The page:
Conventioneering

State Assemblyman Richard Brodsky poked holes in the plan for the Javits Convention Center expansion Thursday morning—and afternoon. A lot of them were awfully small holes, but Brodsky—who is running for state attorney general, remember–did get the staff of the Convention Center Development Corporation to admit that they might have to do a supplemental environmental impact statement because the plan has changed since the one for Hudson Yards was completed. No one would specify how long that would take but figure another two to six months.

Also revealed was that the cost estimate has mushroomed far more than first reported last week, when the revised plan came out. The $1.4 billion budget that the state legislature agreed to in December 2004 included $350 million to build a hotel—paid for partly by a private hotelier. That hotel is not a part of the new estimate of $1.68 billion, so the price tag rose more than $600 million, not $300 million, in the past year.

Estimates are, however, just that.

“First of all, you have to ask, where did this $1.4 billion come from?” Charles Gargano, chairman of the Empire State Development Corporation, which is overseeing the expansion, said after his testimony. “To me it was a fictitious number.” He added that the new design includes better security and an an improved marshalling area for delivery trucks, and a lot of the price increase has come from inflation in the construction industry. But under questioning later in the hearing, Deputy Mayor Dan Doctoroff, who is the city’s representative to the expansion committee, acknowledged part of that cost increase was due to the fact that now Javits will grow vertically, because it can’t grow horizontally.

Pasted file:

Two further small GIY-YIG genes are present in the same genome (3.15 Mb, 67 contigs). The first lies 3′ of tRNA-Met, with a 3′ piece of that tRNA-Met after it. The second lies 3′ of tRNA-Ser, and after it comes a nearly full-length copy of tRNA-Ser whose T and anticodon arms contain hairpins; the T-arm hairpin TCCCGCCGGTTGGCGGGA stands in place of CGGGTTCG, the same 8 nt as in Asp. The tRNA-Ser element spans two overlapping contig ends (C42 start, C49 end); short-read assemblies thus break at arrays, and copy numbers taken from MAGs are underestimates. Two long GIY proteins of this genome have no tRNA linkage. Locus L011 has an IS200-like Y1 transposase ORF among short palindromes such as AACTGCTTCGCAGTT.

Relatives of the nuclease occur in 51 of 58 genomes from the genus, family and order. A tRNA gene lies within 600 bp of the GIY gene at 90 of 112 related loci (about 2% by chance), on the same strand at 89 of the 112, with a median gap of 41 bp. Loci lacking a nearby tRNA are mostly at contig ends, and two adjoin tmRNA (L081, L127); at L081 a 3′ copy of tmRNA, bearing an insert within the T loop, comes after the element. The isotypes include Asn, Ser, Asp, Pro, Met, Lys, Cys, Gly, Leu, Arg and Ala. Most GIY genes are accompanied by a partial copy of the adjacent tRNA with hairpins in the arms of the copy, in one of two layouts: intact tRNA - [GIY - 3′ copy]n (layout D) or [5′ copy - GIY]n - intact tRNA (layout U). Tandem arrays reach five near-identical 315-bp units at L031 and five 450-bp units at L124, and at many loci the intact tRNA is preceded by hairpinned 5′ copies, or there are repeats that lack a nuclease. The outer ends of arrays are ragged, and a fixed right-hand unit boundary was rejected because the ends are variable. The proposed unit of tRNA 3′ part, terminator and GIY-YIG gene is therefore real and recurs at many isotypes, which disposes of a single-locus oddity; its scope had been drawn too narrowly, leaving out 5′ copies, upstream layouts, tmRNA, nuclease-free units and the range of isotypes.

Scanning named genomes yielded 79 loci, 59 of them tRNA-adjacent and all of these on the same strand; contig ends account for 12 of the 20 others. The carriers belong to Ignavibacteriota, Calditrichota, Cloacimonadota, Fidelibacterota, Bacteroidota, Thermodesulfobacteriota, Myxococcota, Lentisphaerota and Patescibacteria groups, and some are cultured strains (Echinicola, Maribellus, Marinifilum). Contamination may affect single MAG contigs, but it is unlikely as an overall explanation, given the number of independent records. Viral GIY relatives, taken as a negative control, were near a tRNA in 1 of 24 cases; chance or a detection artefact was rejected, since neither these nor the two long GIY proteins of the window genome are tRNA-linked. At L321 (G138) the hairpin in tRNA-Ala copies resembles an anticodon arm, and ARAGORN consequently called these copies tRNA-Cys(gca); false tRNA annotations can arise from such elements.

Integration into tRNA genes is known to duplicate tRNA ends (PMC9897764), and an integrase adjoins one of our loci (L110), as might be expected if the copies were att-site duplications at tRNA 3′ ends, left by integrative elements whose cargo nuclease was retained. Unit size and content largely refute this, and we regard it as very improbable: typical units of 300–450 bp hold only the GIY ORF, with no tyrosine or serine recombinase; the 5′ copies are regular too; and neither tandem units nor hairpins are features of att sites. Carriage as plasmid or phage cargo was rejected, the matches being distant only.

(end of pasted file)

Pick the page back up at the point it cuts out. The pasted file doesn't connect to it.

As a result of these higher costs, the West Side will not get the park space it once hoped for. The block-sized field originally planned for the 34th Street front of Javits is going to be sold to developers. The little useless Stonehenge park along 11th Avenue will be sacrificed for a hotel. And apparently, The New York Times tells us, the roof garden has been nixed.

Matthew Schuerman

Conventioneering